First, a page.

Halloween is coming early to Chugiak-Eagle River.

Trick or Treat in the Heat, a fundraiser for the Hospice of Anchorage, Ronald McDonald House and Make-A-Wish Foundation, will be held in the Eaglewood subdivision of Eagle River on Sunday, Sept. 11. Blue wristbands, which serve as tickets for the event, can be purchased for $10 at House of Bounce, Picture This and The Crave.

All of the proceeds go to one of the three charities, said event creator Sean Robbins.

“We don’t take anything off the top,” he said.

Members of the winning football team walked off their home turf Friday night with sadness. Instead of the usual rush to meet adoring families and girlfriends and pals, the boys shuffled slow and quiet, some pausing in the shadows cast by empty bleachers to wipe their eyes and breathe.

There’s crying in football.

Thanks to an influx of first-year players, Chugiak High’s tennis team is growing by the day.

Thirty-eight were on the team as of last week, and third-year head coach Sally Jo Cook expected more to join.

“I imagine we my hit 50,” she said.

The Mustangs ended last season with 52 on the squad, Cook said.

Freshmen are joining the team in droves, she said.

“This is a stellar year for freshmen that has come out,” Cook said. “It’s kind of exciting.”

For children in military families, moving multiple times throughout their adolescence becomes commonplace. But that doesn’t make entering a school full of unfamiliar faces any easier.

However, athletics can help. Playing a sport is one way to form tight bonds quickly — a truth the Eagle River High tennis team knows well.

In a school full of military families like Eagle River, tennis is a great way to make friends, junior Jacob Klaameyer said at the Wolves’ Aug. 18 match against West High.

Sophomore Hannah Spainhour can attest to that.

ULAANBAATAR, Mongolia — Approximately 15 Alaska National Guard Soldiers and Airmen, along with service members from Mongolia, the Republic of Korea, India, the United States and Canada were recognized during a dedication ceremony for their efforts during a medical civil assistance project as part of Khaan Quest 2011 held at school in the 9th Khoroo, Khaan-Uul District of Ulaanbaatar, Mongolia, Aug. 11.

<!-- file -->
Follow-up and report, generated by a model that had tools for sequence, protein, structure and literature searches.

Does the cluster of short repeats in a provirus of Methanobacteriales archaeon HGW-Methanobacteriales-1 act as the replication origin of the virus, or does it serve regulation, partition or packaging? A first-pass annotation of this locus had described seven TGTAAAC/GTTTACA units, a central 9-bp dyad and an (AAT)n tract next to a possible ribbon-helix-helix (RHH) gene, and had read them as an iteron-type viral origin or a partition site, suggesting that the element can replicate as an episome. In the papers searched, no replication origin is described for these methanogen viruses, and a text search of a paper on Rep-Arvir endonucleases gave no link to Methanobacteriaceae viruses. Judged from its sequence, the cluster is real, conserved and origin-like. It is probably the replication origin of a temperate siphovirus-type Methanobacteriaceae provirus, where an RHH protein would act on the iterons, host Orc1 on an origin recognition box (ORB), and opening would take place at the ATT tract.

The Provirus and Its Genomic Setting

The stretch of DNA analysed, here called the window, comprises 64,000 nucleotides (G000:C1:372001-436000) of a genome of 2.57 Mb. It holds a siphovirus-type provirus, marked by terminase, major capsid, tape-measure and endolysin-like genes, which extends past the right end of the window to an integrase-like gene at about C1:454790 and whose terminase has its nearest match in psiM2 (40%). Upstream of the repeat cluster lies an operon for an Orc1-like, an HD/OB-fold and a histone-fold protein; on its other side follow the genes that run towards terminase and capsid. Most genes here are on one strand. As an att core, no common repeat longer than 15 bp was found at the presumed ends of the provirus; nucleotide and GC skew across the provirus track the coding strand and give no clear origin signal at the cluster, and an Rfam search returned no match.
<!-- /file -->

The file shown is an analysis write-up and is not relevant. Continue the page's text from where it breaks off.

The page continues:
Distinguished leaders, observers and local community members gathered to celebrate the success of the medical civil assistance project.

I love our community! We have lived here since 1989, raising our three kids (Hillary, Ryan, and Abi) in Eagle River. They graduated from Chugiak High School. I teach Kindergarten at Homestead Elementary, and my husband John teaches band at Gruening Middle School. Our family is very invested in our amazing community.

It is my honor and privilege to have this opportunity to introduce Love INC of Eagle River to you with this Alaska Star article. I have so much to share that we are breaking it into two articles. This article will bethe first of a two-part series.

A standoff with an armed and suicidal man on Aug. 18 near the Ft. Richardson exit on the Glenn Highway ended peacefully with the man’s surrender.

According to the Anchorage Police Department, 23-year-old Joseph Hanifin was charged with reckless endangerment and lodged at the Anchorage Jail with a $5,000 cash-only bail and $1,500 assurity bond.

Imagine you bring your child to a routine eye appointment and the doctor turns to you and says there is a problem with your child’s eyesight. Not just any problem; they are going blind. Many of us can only imagine this scenario, but many more parents live it. We may not know these families, but they’re in our community. They are our neighbors, coworkers, teachers, and friends. Across Alaska, and the world, children, adults and seniors are battling preventable vision impairments and diseases.

The shale slide leading up to the mountain’s ridge was easy to climb, and grass for most of this stretch provided relatively good footing. After about 500 feet I finally reached the ridge, which I expected would be somewhat gradual. However, I was surprised to see that it became precipitously steep on both sides. I recalled my dad’s admonishment, when as a child I first showed an interest in climbing: “Stay off the cliffs.”

Elderly resident found with knife